Earlier this month, Webgility attended The Sleeter Group Conference in Las Vegas. Although the attendees were experts in their field — QuickBooks advisors, CPAs, and accounting consultants — they had only a vague understanding of the e-commerce retailer market. However, they’re encountering more clients who want to grow their business into the online world. I’ve also spoken to many people who are confused about starting an online business and need some advice on where to start. Since this is a big subject, here are my Cliffs Notes on starting an online business. I’ll cover each component in more detail in other posts.
Assuming you’ve got all the logistics of starting a business out of the way, you’ll need three key components to take your business online: (1) a secure website to advertise your products and services, (2) a shopping cart platform to organize your products and enable buyers to purchase, and (3) a payment processor to collect payment for purchases.
1. Your Website
If you’re not tech-savvy or don’t have the time to design a website, find a web designer that has eCommerce experience and is familiar with setting up a site with a shopping cart that is secure and can process payments. Be mindful of your budget, as customization and development will be your biggest expense. If your designer already works with a particular platform, it will be easier and more cost-effective to incorporate that platform, although you’ll want to be sure the platform meets your requirements. Once you have a website, you’ll need to find a company to host your site; many hosting companies also provide website templates if you want to create your site without the expense of a designer. Finally, you should also consider optimizing your website with Search Engine Optimization (SEO), so your site would be faster and easier to be found by customers.
2. Your Shopping Cart
A shopping cart is the platform where you display your products in an organized fashion and provide a virtual “cart” for customer to add products into and perform a checkout. There are many shopping carts to choose from: some are free, hosted with a subscription, or licensed. Do your due-diligence and test the different shopping carts before investing in one that not only supports your current business, but can also scale as your business expands. (Refer to the blog “What’s the best shopping cart platform in the market?“)
As you’re organizing your products, you should standardize your product naming convention so the reconciliation process is simplified between your online store and accounting management software, such as QuickBooks.
3. Processing Payments
In order to process online orders and collect payments, you need a merchant account with a payment processor that accepts payments from debit cards and/or credit cards. A merchant account is simply a bank account that enables you to collect credit card payments. You can get one from your bank or from PayPal. A payment gateway connects your merchant account to your online store and facilitates the online payment process. Some merchant account providers have their own payment gateways, but most companies use third-party payment gateways, such as Authorize.com and PayPal, to process the online transaction. It’s important that you find one that is compatible with your merchant account and online store. Furthermore, to ensure a secure checkout via a payment gateway, you’ll need a security certificate, which provides authentication and encryption of payment information. You can get your own certificate or use a hosting company that provides shared certificates.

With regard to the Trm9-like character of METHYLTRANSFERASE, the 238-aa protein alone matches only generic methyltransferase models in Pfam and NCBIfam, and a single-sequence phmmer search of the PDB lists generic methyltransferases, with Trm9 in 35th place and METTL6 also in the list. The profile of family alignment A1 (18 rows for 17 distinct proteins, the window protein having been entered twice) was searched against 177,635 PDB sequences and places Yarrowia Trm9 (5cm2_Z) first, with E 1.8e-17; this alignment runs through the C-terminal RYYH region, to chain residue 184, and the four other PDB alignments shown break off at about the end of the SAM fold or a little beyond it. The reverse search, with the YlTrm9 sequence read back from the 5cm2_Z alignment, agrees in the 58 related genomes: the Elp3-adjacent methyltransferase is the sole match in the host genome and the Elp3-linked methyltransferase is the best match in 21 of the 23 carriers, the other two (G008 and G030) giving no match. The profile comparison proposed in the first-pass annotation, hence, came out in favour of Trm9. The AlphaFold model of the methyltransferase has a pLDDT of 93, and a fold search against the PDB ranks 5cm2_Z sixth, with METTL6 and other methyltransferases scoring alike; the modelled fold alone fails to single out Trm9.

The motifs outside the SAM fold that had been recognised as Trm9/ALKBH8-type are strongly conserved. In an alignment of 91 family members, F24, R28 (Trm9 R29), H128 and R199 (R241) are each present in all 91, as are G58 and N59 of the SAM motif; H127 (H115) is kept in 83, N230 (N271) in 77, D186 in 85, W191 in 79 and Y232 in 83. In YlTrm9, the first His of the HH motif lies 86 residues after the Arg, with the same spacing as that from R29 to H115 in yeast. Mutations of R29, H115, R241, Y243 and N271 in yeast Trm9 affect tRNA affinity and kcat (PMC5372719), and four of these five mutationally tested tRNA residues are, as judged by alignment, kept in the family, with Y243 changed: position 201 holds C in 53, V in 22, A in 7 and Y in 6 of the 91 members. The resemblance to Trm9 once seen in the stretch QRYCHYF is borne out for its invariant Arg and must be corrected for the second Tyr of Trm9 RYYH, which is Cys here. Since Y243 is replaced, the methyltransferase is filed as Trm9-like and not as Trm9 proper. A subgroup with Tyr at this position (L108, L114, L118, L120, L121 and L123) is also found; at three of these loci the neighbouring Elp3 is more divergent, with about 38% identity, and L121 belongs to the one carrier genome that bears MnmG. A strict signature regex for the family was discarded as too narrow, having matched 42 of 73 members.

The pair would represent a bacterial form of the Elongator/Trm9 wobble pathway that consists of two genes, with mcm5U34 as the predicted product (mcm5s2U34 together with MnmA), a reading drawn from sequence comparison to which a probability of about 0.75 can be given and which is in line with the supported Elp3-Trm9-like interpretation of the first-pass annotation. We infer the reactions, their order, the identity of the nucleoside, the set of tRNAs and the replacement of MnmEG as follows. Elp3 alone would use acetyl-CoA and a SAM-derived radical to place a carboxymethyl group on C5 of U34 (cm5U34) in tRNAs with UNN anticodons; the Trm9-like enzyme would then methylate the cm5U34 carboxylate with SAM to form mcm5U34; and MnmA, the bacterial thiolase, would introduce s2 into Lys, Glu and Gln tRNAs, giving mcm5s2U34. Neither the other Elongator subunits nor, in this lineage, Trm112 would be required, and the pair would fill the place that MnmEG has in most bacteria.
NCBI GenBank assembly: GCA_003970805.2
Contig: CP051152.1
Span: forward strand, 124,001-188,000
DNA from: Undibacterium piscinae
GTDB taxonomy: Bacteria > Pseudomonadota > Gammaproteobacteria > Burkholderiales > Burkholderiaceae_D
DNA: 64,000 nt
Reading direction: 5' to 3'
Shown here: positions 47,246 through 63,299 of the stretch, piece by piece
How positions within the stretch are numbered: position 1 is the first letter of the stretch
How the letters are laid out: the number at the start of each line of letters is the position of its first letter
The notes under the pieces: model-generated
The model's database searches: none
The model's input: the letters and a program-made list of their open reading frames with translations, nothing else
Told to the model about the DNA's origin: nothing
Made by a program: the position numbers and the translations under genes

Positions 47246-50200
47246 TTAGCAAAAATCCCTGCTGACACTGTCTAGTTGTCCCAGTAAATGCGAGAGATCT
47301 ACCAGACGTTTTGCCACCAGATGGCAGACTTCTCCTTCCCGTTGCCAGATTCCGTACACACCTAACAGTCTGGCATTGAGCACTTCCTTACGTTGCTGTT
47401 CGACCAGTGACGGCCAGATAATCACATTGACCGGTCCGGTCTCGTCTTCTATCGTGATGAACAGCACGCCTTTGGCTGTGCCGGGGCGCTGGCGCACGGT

An alternative to using payment gateways is using Google Checkout, PayPal Express or Checkout by Amazon. These services provide secure payment processing outside your site so you don’t have to worry about setting up a merchant account or security. They handle payments and deposit the net amount to your bank account in return for a commission/fee on each sale.
I hope this information gives you a good picture of the process of selling on your own online store. A few additional thoughts to help you get going:
- Think about the long-term prospect of your business when choosing a shopping cart
- A free shopping cart platform does not mean free everything: you might have to invest time and money in customizing and developing the store
- Good design and usability are key in a competitive market
- PCI compliance is important
- Have multiple store channels: sell on Amazon and eBay for more exposure of your product and brand
- Don’t pick a hosting provider by price only; make sure your data is backed up and secure
- The latest product isn’t always the best. Look for companies with an established brand, customer base and support model
- Work with a professional that has e-commerce experience